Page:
A fountain pen is a type of writing instrument, more specifically a pen, that contains a reservoir of water-based ink that is fed to a nib through a "feed" via a combination of gravity and surface tension. Refilling ink either involves replacing an ink cartridge, filling with an eyedropper, or using one of a variety of internal mechanisms to suck ink from a bottle.
The earliest historical record of a reservoir pen dates to the 10th century, and the earliest reservoir pens to survive date to the 18th century. Progress was slow, however, up until the early 19th century, after which there was a steadily accelerating stream of fountain pen patents and pens in production. It was only after three key inventions were in place, however, that the fountain pen became a widely popular writing instrument. Those inventions were the iridium-tipped gold nib; hard rubber; and free flowing ink.
The first fountain pens making use of all these key ingredients came out in the 1850s, but it was in the 1880s that the era of the mass produced fountain pen finally began. The dominant producers in this pioneer era were Waterman and Wirt, based in New York City and Bloomsburg, Pennsylvania, respectively. Waterman soon outstripped Wirt, along with the many companies that sprung up to fill the new and growing fountain pen market, and remained the market leader up until the early 1920s.
The fountain pen was commonly used in the past but has become more of a status symbol and collectible since the mass production of the ballpoint pen and other easier to use pens in the mid 20th century.
Together with the mass manufactured pencil and the introduction of cheap wood based paper the fountain pen was responsible for a major transformation in writing and in the nature of paperwork during the 19th century. They gave birth to the precursor of the modern office, which would only come about at the end of the 19th century and the beginning of the 20th with the gradual introduction of the typewriter and early duplicating machines.
The fountain pen, and to a lesser extent the pencil replaced the relatively hard to use combination of the quill, blotter and sand tray employed till then for writing. In the Harry Potter movies, and in some reenactments of historical writing acts, using a quill pen seems like a fast and colorful activity but it was in fact a complex and often frustrating exercise due to the irregular flow of ink from the quill, and other factors. In a sense, the introduction of the fountain pen can be compared to the advent of the early command line word processor and the dot matrix printer which appeared before graphic word processing software and the laser printer.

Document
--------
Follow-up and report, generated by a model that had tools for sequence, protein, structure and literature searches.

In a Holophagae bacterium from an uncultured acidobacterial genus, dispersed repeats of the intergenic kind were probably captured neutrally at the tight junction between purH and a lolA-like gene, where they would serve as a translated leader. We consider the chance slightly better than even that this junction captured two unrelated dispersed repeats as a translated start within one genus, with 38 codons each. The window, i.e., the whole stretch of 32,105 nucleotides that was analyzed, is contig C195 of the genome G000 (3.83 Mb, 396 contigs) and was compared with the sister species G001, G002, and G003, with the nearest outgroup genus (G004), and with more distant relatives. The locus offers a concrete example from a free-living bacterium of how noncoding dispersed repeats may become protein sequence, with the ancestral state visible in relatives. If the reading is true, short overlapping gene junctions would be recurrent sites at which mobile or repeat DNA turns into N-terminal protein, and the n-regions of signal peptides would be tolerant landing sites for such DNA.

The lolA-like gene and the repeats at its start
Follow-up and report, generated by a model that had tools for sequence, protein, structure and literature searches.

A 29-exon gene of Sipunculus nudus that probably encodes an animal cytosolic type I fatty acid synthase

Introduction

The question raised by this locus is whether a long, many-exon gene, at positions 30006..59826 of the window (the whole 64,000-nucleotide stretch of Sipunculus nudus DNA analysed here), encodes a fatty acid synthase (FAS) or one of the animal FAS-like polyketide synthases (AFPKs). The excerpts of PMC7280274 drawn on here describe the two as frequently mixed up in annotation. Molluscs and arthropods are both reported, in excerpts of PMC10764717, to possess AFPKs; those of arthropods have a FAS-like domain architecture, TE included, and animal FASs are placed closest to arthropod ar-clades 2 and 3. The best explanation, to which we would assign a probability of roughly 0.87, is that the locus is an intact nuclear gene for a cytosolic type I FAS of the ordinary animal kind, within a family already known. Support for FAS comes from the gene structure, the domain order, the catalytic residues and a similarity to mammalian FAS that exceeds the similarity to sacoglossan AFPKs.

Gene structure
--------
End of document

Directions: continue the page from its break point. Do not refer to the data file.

The nib of the fountain pen is usually made of stainless steel or gold. Gold nibs are tipped with a hard, wear-resistant alloy that typically utilizes metals from the platinum group. Tipping material is often called "iridium", even though hardly any penmakers still use that metal in their tipping alloys. Steel nibs may also have harder tips; those with steel points will wear more rapidly due to abrasion by the paper.
The nib usually has one slit cut down its center, to convey the ink down the nib. The whole nib narrows to a point where the ink is transferred to the paper. Broad calligraphy pens may have several slits in the nib to increase ink flow and help distribute it evenly across the broad point.
Although the most common nibs end in a point of various sizes (fine, medium, broad), other nib shapes are available. Examples of this are oblique, reverse oblique, and italic.
Fountain pens are widely regarded to be the best tools for writing or drawing with ink on paper. However, they are more expensive, harder to maintain, and more fragile than a ballpoint pen. In addition, they cannot be used with the various oil and particle-based inks (such as india ink) prized by artists, as can a dip pen, reed, or quill.
Fountain pens are often works of art. Ornate pens are sometimes made of precious metals and jewels. However, good quality steel pens are available for only a few dollars. Even some "disposable" fountain pens are available.
An avid community of pen enthusiasists collect and use antique as well as modern pens and also collect and exchange information about old and modern inks, ink bottles, and inkwells. Collectors often tend to prize being able to actually use the antiques, instead of merely placing them under glass for show.
Companies that manufacture fountain pens include Parker, Pelikan, Waterman, and Sheaffer. Companies who manufacture high quality ink include Aurora, Sheaffer, Parker, Pelikan, Montblanc, Private Reserve and the French company Herbin. Pilot is one of only a few companies that make disposable fountain pens.